Orion, 10 April 2018
I'm grateful to the publisher for an advance e-copy of One Way via NetGalley.
In the mid 2040s, Frank Kittridge is serving life (or many lives) without possibility of parole for murder. He's lost touch with his son, his wife has divorced him, and there's no future apart from years inside followed by death.
So when he's approached by Xo, the company behind the upcoming Mars mission, and offered the chance of a one-way ticket if he'll join a team of cons doing the spadework for the new base, he knows he's got little to lose. And perhaps, he may find redemption and even some honour one day in the eyes of his son. So Frank says "yes".
From then on, the story is of hard physical training and team building as the group - recruited for their various skills, all put away for life - practise, practise and practise for their different tasks. It's made clear by Brack, the group's brutal overseer, that any slip, any failure, any disobedience - even any illness - will mean being thrown off the programme and consigned to the Hole - a lifetime of solitary in a super-secure prison.
Frank may be out, but he's never going to be free.
Morden effectively portrays the forming dynamics between the members of the little group, their attempts to make the offer work for them and to ensure they succeed and don't get put in the Hole. They are, as one might expect in a story like this, a fairly mixed bunch and trust is hard to build. All the same, Frank gets some satisfaction from accomplishing his assigned task - building the habs that will form the base on Mars, and driving the Mars buggies to be used on the surface.
Throughout this - and indeed throughout the book - we also see internal memos, emails and transcripts of meetings from the Xo Corporation, giving information about the aims and means of the project but increasingly making it clear that corners are being intentionally cut and that there are other agendas than simply completing the base on time and to budget. It's a fascinating patchwork and I'd advise the reader to pay close attention to the dates here as this material bobs about a bit over the ten years or so in which the mission is planned and developed.
The story proper really picks up pace once Mars is reached. The team awake from suspended animation to find that the materials, equipment and food they're supposed to use have been scattered far from the landing site. They will need to pull together to survive, but accidents begin to happen...
I really enjoyed this story. Really, really enjoyed it. It's the kind of book that keeps you reading long into the night and has you annoying the family at meals when you pull out your e-reader. (Reader, I know whereof I speak...) Morden tells a compulsive story, which is at first driven along by the technical challenge of survival in a harsh environment but then, as the base seems to be coming together, turns into a deadly game or murder in a closed setting. There is plenty of tension in how that latter element is resolved (although I did work out fairly early on who must be behind it all, if not, exactly, how and why it was done and I also became rather frustrated that Frank was a little slow to do the same).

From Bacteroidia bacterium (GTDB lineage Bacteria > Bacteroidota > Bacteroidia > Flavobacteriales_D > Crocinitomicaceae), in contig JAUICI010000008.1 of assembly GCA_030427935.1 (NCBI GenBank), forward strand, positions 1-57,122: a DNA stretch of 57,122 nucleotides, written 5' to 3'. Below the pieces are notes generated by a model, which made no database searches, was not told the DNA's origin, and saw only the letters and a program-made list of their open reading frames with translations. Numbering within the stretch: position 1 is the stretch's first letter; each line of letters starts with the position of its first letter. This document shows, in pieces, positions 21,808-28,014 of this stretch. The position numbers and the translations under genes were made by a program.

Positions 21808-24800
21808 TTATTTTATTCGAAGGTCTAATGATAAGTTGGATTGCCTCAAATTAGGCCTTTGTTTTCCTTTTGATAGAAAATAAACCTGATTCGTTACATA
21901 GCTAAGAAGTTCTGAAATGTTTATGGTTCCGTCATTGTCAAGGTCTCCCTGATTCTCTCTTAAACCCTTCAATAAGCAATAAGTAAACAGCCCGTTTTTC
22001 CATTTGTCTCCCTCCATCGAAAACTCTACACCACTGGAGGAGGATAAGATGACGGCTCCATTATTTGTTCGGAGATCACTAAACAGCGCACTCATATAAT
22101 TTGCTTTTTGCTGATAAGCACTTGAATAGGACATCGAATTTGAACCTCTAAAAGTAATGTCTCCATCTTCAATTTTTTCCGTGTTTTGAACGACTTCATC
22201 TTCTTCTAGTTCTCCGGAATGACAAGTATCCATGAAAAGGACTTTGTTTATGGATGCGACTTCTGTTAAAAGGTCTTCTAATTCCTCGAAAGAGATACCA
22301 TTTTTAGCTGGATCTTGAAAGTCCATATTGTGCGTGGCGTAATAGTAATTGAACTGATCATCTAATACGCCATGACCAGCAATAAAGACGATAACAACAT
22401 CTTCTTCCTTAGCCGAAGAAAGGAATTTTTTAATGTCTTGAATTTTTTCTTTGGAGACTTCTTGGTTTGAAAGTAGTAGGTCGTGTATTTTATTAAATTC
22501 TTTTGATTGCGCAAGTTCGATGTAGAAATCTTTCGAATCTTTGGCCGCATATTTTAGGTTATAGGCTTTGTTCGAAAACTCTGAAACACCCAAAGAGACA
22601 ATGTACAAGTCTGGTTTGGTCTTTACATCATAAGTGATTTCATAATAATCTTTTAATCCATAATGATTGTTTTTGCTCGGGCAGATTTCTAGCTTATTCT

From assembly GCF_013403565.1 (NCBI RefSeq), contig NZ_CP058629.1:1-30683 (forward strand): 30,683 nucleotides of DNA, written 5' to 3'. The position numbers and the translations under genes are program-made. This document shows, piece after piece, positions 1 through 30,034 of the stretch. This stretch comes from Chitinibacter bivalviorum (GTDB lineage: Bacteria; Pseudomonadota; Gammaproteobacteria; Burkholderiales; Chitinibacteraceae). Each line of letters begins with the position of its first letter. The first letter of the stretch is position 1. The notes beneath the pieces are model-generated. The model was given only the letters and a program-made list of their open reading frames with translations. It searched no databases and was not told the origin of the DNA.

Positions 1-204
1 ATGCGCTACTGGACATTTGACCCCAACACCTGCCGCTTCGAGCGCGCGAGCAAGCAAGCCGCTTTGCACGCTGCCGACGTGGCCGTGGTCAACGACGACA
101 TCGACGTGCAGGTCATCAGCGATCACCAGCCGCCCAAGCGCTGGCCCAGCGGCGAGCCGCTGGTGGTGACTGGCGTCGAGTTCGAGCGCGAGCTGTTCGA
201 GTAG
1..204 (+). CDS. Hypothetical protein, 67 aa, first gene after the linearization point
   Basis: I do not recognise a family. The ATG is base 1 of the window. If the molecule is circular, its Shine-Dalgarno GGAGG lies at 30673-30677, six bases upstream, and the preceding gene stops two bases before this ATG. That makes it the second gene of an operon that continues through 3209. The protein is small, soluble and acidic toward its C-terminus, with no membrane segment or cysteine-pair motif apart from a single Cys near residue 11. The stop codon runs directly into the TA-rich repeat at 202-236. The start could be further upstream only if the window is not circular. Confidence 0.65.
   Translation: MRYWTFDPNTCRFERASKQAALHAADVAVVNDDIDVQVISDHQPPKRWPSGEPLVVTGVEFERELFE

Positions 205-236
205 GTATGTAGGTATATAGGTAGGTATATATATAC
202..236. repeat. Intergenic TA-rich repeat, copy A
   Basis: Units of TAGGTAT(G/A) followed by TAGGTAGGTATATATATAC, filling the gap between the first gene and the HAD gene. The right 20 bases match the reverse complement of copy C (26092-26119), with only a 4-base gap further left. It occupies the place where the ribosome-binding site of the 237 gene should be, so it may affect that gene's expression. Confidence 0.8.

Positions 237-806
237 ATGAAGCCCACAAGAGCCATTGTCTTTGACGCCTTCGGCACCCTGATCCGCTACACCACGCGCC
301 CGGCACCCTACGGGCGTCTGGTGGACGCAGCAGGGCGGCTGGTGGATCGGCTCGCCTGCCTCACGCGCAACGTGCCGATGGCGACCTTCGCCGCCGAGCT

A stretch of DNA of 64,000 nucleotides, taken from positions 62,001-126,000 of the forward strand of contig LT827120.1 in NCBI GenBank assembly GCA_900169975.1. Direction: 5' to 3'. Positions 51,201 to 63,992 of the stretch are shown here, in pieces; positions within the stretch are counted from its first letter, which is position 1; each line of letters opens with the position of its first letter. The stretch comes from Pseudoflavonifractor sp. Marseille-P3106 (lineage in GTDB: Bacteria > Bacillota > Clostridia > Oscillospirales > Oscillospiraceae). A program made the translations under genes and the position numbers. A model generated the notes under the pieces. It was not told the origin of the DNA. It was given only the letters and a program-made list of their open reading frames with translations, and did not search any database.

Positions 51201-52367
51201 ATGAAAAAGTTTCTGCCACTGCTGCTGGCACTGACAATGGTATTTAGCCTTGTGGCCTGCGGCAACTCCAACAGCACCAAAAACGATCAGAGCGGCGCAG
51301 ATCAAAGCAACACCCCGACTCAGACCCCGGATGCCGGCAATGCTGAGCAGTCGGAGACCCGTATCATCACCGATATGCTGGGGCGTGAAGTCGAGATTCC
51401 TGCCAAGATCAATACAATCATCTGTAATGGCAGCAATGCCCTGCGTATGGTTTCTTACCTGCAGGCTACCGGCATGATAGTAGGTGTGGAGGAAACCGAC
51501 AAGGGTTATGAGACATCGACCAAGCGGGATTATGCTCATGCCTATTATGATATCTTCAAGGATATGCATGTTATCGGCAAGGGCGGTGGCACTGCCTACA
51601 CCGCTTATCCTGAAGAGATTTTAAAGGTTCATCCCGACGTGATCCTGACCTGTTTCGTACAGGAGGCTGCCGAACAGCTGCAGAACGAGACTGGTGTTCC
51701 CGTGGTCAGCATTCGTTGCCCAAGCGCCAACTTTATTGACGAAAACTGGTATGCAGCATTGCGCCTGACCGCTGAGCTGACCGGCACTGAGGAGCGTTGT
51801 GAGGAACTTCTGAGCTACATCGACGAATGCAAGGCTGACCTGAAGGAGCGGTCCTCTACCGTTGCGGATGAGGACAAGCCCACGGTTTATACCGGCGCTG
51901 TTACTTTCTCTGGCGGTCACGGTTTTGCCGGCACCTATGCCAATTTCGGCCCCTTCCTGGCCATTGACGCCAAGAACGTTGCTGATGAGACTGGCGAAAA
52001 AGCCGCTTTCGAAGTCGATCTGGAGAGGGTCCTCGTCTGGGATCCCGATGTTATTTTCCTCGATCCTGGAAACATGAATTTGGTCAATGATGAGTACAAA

It's one of those books that almost seems to change character as you move through it. Given the first parts seems to be an exploration of how teamwork, and trust, might ensure survival, I began to wonder if there was almost a riposte here to what otherwise might seem a very similar book, Andy Weir's The Martian. (You knew I was going to have to mention that...) Weir's book read to me as very old-school, technocratic and individualistic SF, with everything coming down to its protagonist's skills and determination. Like One Way, I read it at a gallop. Unlike One Way (I was surprised to discover when I went back to check) I never reviewed The Martian (one of the few books I've read and not reviewed in the last 5 years or so) which suggests perhaps that for all its readability it made little mark. And it was certainly criticised on grounds of diversity.
Morden does perhaps invite such comparisons by exploring the same survival-on-Mars space,
and in centring the story very firmly on Frank as viewpoint and protagonist, especially in the final part of the book with everyone else a potential suspect, the book explicitly doesn't totally reject The Martian's individualism. What it does do, I think, is enrich it. Frank is a much more rounded and complex character than Mark Watney, with a set of motivations and a backstory which are much more developed. And for much of the book, he is able to demonstrate his relationships with, and his care for, the rest of the team (with all their flaws). In that, the story reminded me of Morden's fantasy novels Down Station and The White City which take a group of Londoners and thrust them into a parallel reality as London burns. There, too, one sees the team dynamics, the trust and the betrayals. It is those same dynamics which Morden uses to build up to his conclusion - a conclusion that is in the end very human.
So while the setup to this story and some of the practicalities may be similar, which seems vary courageous, Minister, on the whole I think it would be unfair to Morden to see this book through that lens, although I suspect he'll be asked about it A LOT.
In short this book is a fine read, providing a lot to think about.
For more about One Way, see the publisher's website here.